andrea (FMA Admin)
ange on 10/02/2012 at 12:00PM
As you prepare your entries for our Past Re-Imagined As the Future remix contest, we thought you could use some tips.
We asked moving image archivist, filmmaker and contest judge Rick Prelinger to share his thoughts on what makes for an incredible remix. Is it lots of looping and repeating footage? Machine gun single frame montages? Prelinger suggests that there's new ground to broken as you sculpt your new Creative Commons masterpieces. In our interview, Prelinger explains how ephemera can help us avoid the trap of presentism, his new interest in collecting home movies, and more about the history/future of the Prelinger Archives.
Why preserve ephemera? How have you grown to understand its historical and cultural significance?
Nothing gives a better sense of ordinary peoples' experience in the past than evidence drawn from daily life. And most of this material wasn't meant to survive -- we have it only by lucky accident. Ephemeral material, like the kinds of films in our archives, is permeated with a strong sense of time and place. It shows how people interacted, worked, presented themselves and partied, and it's also filled with evidence of past persuasions -- how we were told to behave, study, work, and believe.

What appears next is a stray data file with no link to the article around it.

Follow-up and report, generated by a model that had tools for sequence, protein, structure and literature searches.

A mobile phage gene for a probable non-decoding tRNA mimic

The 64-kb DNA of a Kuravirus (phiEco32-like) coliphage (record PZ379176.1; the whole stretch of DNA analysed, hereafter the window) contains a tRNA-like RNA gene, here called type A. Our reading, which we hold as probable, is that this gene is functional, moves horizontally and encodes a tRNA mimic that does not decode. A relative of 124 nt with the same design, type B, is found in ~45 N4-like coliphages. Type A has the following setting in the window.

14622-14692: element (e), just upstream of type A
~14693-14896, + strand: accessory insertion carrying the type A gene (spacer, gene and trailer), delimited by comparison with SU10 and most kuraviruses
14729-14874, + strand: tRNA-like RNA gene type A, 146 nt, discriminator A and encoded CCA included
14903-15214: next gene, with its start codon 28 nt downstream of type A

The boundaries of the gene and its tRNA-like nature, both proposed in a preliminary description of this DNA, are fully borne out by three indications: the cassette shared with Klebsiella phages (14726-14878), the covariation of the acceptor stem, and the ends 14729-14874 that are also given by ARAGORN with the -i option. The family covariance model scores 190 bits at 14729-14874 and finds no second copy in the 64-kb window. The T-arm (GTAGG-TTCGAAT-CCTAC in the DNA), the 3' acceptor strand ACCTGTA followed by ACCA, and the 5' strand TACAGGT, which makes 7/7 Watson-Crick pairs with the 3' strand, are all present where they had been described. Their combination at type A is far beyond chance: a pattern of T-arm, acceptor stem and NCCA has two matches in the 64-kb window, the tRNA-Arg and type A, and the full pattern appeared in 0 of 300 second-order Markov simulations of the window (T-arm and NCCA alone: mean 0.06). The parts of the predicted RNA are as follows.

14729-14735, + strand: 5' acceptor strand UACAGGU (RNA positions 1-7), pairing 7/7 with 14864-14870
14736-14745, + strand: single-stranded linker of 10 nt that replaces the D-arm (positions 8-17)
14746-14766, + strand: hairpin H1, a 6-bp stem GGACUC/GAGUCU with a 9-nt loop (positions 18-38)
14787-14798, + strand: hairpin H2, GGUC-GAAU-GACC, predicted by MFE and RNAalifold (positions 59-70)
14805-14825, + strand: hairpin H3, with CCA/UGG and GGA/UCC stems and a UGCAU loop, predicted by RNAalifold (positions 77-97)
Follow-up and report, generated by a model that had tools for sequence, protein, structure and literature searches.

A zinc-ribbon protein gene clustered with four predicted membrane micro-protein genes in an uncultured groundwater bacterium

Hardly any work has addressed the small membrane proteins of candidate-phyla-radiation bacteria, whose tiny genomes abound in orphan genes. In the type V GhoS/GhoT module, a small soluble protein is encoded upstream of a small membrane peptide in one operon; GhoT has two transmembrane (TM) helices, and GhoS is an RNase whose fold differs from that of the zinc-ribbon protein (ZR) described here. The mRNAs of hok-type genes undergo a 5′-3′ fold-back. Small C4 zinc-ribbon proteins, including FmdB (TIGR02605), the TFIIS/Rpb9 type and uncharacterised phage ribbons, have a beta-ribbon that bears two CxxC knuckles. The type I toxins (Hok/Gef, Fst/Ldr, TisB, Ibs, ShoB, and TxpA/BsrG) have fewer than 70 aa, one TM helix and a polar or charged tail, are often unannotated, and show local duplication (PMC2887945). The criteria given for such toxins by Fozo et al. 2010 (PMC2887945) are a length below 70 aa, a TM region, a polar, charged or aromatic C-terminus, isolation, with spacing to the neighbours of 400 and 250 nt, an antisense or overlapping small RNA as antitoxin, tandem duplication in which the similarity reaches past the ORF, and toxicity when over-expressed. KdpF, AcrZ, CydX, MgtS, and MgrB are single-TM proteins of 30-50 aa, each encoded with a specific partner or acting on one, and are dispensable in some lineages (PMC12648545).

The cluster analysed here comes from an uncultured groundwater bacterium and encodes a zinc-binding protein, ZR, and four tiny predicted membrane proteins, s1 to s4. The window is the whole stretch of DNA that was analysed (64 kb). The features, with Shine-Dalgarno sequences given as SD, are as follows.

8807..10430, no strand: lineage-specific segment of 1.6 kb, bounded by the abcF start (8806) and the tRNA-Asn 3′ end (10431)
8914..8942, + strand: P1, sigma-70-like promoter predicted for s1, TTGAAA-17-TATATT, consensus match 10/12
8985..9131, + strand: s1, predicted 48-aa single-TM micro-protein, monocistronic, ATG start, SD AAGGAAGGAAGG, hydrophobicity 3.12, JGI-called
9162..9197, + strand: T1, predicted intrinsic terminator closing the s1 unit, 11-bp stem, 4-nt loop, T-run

I also like ephemeral material because it's extremely vivid and accessible. It's a seductive gateway to the many histories that combine and recombine in America, and more than that, it gets people thinking in historical terms. It's one way to avoid the trap of presentism -- the idea that life was, and always will be, as it is now. It also helps us realize that we're not living in a time unlike any other. Much of what we're going through now as a society has already happened in other contexts.
One of your many titles is Outsider Librarian. How so? What makes the Prelinger approach to running a library different than the average institution?
My spouse Megan and I started an independent research library in San Francisco 8 years ago. Unlike the archives, which doesn't really have a physical nexus, our library is a real space that's open to the public every week at regular hours. It's appropriation-friendly, which means that we warmly encourage people to scan, to shoot and to copy our materials so they can use them in their own work. We don't have a catalog -- materials are arranged in subject clusters -- so serendipity and browsing play a big role. And we think the library has gone way beyond being just a repository of interesting materials; it's evolved into a workshop where people come to talk about their ideas with others and work together. All of these are pretty nontraditional compared to legacy libraries, and that's why we call ourselves outsider librarians.
Come visit when you visit San Francisco!
When did you first consider bringing a portion of your collection to Internet Archive? Did you anticipate the project being so successful?
I moved to California in 1999 and met Brewster Kahle, founder of Internet Archive. Within the first 20 seconds of our conversation, he asked me if I wanted to put my archives online for free. I started to stutter, Ralph Kramden style, but soon realized this was a great idea very much worth trying. At the end of 2000 we put 1001 films online and immediately the servers broke under the strain. Now we have 3,500 films online, and soon that number will stabilize around 4,700 items. We're also starting to put up home movies -- which is what I'm focusing on collecting these days -- and expect to have 3,000 to 4,000 individual home movies online by late next year.